By Paul Thompson
July 21, 2016
KANSAS CITY, Missouri – The Independence Corridor Overlay District was unanimously passed by the KCMO City Council on Thursday, July 21, making it the second overlay district in the city behind the Troost Corridor Overlay.
The community-backed, 3.5 mile overlay district had previously earned the unanimous approval of the Planning, Zoning, and Economic Development committee on Wednesday, July 13. During that meeting, 3rd District Councilman Quinton Lucas made the proposal to move the committee sub forward with a recommendation of do pass; 4th District Councilwoman Katheryn Shields and 5th District Councilman Lee Barnes Jr. voted in favor. Remaining committee members Heather Hall (1st District) and Scott Taylor (6th district) were absent from the committee meeting.
Some uses along the Independence Avenue corridor will be prohibited from future development as a result of the overlay district, including group living, single-family, adult businesses, employment agencies, pawn shops, gasoline and fuel services, motor vehicle sales, and vehicle storage and towing, among others. The proposal also calls for the district to be split up into three separate zoning groups.
“There are different regulations that come into play for each area,” explained Ashley Winchell of the City Planning and Development office during the July 13 committee meeting.
According to Winchell, Area A (Forest to Benton; Paseo from Independence to 8th; Prospect from Independence to 8th) has the most historic buildings and the fewest vacant buildings; Area B (Benton to Topping) has more buildings with setbacks and more opportunity for development; Area C (Topping to Ewing) has the most structures in need of repair.
The overlay district was began it’s journey through City Hall on Tuesday, June 7, when the proposal was unanimously approved by the City Plan Commission. After that meeting, Plan Commission member and Independence Avenue Community Improvement District (CID) President Bobbi Baker-Hughes touted the importance of the new zoning regulations surrounding the Independence Avenue corridor.
“The future development of Independence Avenue requires developed guidelines, and that those guidelines are developed to ascertain the look and the feel of the urban community that we drive to be,” said Baker-Hughes. “Without those guidelines, we are just not going to build for the future.”
The goal of the Independence Corridor Overlay is to create regulations requiring high-quality building designs that emphasize pedestrian traffic along the corridor. City staff held at least 10 community meetings to gather input about the Independence Corridor Overlay proposal in advance of the Plan Commission hearing, while also mailing roughly 1,400 letters to those affected by the proposed new zoning regulations.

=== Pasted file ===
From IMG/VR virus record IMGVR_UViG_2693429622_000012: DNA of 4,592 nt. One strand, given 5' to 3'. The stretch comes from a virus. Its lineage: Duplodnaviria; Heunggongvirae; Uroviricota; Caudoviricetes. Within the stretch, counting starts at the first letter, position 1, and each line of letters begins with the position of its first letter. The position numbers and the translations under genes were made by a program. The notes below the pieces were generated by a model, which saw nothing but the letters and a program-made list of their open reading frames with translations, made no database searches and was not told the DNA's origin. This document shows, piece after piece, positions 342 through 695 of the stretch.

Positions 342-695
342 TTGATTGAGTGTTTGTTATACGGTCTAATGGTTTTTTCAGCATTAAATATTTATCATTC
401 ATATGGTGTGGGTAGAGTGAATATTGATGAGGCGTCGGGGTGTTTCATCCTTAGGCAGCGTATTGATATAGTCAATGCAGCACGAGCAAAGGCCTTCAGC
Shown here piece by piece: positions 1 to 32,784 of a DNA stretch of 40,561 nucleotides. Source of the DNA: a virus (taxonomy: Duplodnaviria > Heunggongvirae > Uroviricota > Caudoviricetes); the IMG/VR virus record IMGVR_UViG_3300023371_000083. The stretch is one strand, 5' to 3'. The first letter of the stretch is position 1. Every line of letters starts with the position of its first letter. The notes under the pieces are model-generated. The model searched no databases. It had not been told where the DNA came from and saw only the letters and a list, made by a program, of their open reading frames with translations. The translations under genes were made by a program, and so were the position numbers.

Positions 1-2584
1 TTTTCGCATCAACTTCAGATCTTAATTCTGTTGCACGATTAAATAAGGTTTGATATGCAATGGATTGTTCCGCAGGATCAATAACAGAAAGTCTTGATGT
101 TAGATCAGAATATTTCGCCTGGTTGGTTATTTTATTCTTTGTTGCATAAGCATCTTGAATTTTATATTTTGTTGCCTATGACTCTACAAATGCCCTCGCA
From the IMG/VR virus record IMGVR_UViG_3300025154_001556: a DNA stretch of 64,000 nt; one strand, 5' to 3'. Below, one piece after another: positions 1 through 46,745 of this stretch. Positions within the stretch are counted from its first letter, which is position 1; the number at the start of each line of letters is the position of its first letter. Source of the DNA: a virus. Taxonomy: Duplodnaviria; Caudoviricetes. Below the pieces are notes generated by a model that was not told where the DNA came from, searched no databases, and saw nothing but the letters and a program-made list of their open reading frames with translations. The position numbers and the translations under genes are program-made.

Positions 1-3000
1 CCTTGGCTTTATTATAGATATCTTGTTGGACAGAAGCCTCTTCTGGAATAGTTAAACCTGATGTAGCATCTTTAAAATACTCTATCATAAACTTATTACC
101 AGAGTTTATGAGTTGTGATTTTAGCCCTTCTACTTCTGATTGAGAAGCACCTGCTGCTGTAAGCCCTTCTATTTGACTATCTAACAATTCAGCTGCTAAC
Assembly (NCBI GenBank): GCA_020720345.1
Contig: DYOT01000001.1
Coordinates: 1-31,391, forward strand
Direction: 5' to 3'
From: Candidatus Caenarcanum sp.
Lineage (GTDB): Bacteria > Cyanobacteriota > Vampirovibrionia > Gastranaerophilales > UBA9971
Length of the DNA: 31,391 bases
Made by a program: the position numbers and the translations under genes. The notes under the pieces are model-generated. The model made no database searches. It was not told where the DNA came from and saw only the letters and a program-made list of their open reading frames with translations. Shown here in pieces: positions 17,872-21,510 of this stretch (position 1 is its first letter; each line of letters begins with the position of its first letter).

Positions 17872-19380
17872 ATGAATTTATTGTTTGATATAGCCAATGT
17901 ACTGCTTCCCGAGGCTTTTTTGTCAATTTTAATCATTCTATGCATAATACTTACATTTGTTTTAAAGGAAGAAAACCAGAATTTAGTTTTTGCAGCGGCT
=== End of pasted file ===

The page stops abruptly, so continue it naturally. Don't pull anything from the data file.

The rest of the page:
As previously reported by the Northeast News, the area of the proposed overlay district includes 156 acres along the Independence Avenue corridor. Current zoning includes medium-high density residential, commercial, and light industrial uses, but the majority of the uses in the area are commercial.
The overlay district plan replaces the Independence Avenue East Special Review District and the Independence Avenue West Special Review District with the new special character overlay district. Those special review districts were instituted in 1998, and are considered less strict than the regulations within the Zoning and Development code adopted in 2011. The overlay district creates alternative development and zoning goals for the Independence Avenue corridor that would regulate lot and building standards, architectural materials, facade articulation and composition, building transparency, parking and loading, screening, fencing and walls, and signage.
Councilman Quinton Lucas noted during the July 13 committee meeting that in his estimation, the Northeast community has largely come down in favor of the proposed zoning adjustments along Independence Avenue.
“I certainly think that there are a lot of folks excited by these different standards,” Lucas said.
Reached on Thursday, July 21, Baker-Hughes expressed optimism that the new overlay district will help bring exciting new developments to the Avenue.
“I think it’s yet another opportunity for us to really see that the development of Independence Avenue is in our future,” said Baker-Hughes. “With this overlay district, we know that we have city support to do great development in our community.”